Tuesday, June 20, 2006

Status mid June ... some herbicide damage

A good week!

Things looked pretty good the weekend of June 17-18. It was hot and windy this weekend. On Saturday, it hit 91F. Unfortunately, it has been a couple of weeks since the vineyard has seen any substantial rain. We could really use some right now.

The spraying last weekend seems to have been effective. I saw only a handfuls of rose chafers on the vines. I saw almost no signs of the grape flea beetles nor their larvae. The rose chafers were devouring a nearby rose bush and every milk weed in the area.

Speaking of insect damage. I did see something very interesting. In the vinifera, I purposely left any milk weeds I saw last weekend. This weekend the milk weeds were devoured by some type of insects. Completely skeletonized/defoliated. But I have never seen a bug on any of the vinifera or any damage from insects. What's protecting these? The root stock? The varietals?

I gave the vinifera a good weeding/tiling in preparation for the high tunnel. The fence seems to have discouraged the deer over the last week. At least I didn't see any fresh deer damage.

Vines at the park have entered full bloom. A little later than I would have expected since everything had been early up until now, but the cool May and cool shots during June slowed things down a bit.

Herbicide damage?
On Saturday, the vines at the park looked fine, but come Sunday, they had curled bubbly leaves. Looks like maybe herbicide damage? Possibly 2-4d drift? I have read that 2-4D volitilizes in hot weather. Since we haven't had a rain in so long, the herbicide may actually be from several days ago? Just guessing.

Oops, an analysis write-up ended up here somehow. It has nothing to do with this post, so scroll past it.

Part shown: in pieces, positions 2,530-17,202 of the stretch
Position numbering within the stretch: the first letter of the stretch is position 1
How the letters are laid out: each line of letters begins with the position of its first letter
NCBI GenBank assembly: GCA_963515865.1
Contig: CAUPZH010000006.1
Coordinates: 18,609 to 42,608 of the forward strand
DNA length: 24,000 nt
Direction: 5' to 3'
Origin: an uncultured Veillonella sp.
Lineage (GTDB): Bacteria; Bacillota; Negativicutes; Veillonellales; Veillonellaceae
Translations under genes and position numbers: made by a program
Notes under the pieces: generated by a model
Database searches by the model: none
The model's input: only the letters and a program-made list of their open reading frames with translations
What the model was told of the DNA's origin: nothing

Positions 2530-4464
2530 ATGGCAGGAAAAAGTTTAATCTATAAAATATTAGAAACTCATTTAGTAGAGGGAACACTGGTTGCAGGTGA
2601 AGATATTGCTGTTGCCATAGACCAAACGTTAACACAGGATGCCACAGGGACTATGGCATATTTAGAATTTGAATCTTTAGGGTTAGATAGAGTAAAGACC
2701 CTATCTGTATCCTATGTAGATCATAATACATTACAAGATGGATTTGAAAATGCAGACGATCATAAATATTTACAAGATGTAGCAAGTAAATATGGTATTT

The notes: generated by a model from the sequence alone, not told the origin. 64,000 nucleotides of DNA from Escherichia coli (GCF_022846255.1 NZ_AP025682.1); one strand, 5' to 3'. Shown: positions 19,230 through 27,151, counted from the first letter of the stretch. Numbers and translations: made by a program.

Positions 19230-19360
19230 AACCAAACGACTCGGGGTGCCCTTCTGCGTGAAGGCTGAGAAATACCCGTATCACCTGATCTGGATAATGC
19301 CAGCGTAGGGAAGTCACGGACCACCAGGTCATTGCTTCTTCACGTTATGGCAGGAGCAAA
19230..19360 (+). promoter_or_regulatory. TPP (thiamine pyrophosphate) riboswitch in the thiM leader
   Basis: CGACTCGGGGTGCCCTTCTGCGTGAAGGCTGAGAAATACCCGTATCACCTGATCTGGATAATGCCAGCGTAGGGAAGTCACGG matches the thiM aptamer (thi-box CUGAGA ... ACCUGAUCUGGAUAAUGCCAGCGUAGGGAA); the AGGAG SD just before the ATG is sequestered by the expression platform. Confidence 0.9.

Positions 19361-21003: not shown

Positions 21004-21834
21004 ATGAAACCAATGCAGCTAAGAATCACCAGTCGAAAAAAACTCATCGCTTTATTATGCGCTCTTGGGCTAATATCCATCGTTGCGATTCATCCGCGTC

Monday, June 12, 2006

Give 'em a fighting chance

Bunch of pictures from the vineyard this weekend. Here is a picture of the vineyard from Sunday afternoon.

The vines are getting hit from the weather, bugs, and more bugs. Well, I decided it's time I give the vines a fighting chance.

The Rose Chafers are back, and back in force. This is the forth year in a row they hit my vines. Last year they showed up on about June 15, this year it was maybe June 10 or a day or two earlier. My notes only note them showing up in June the previous years, and were not detailed enough to know the exact date. Interestingly, the last two years appearances coincided within a day or so of the cutting of the hay field that the vineyard borders. Related? Possibly.
Here they are attacking the LaCrescent vines
The vines that hadn't been attacked yet were covered with floating row covers. Unfortunately, the row covers really could only be used on the newly planted vines. And the jury is still out on whether they will even work.Benjamin Franklin was quoted as saying that the definition of insanity is to do the exact same thing over and over and expect a different outcome. I haven't really sprayed or done anything significant to eradicate them. Well this year was different. I really didn't want to lose another year on the Concords, and lose a year on the LaCrescent. So after surveying the extent of the infestation ... significant, and since bloom hadn't really started, I decided to spray Sevin. I thought it was either use it or lose some vines. The LaCrosse were hit every year by them, and they are in their forth year and will still not bear a crop! The Sevin looks like they did a number on the Rose Chafers... at least the ones that were part of the current infestation. Check out the picture....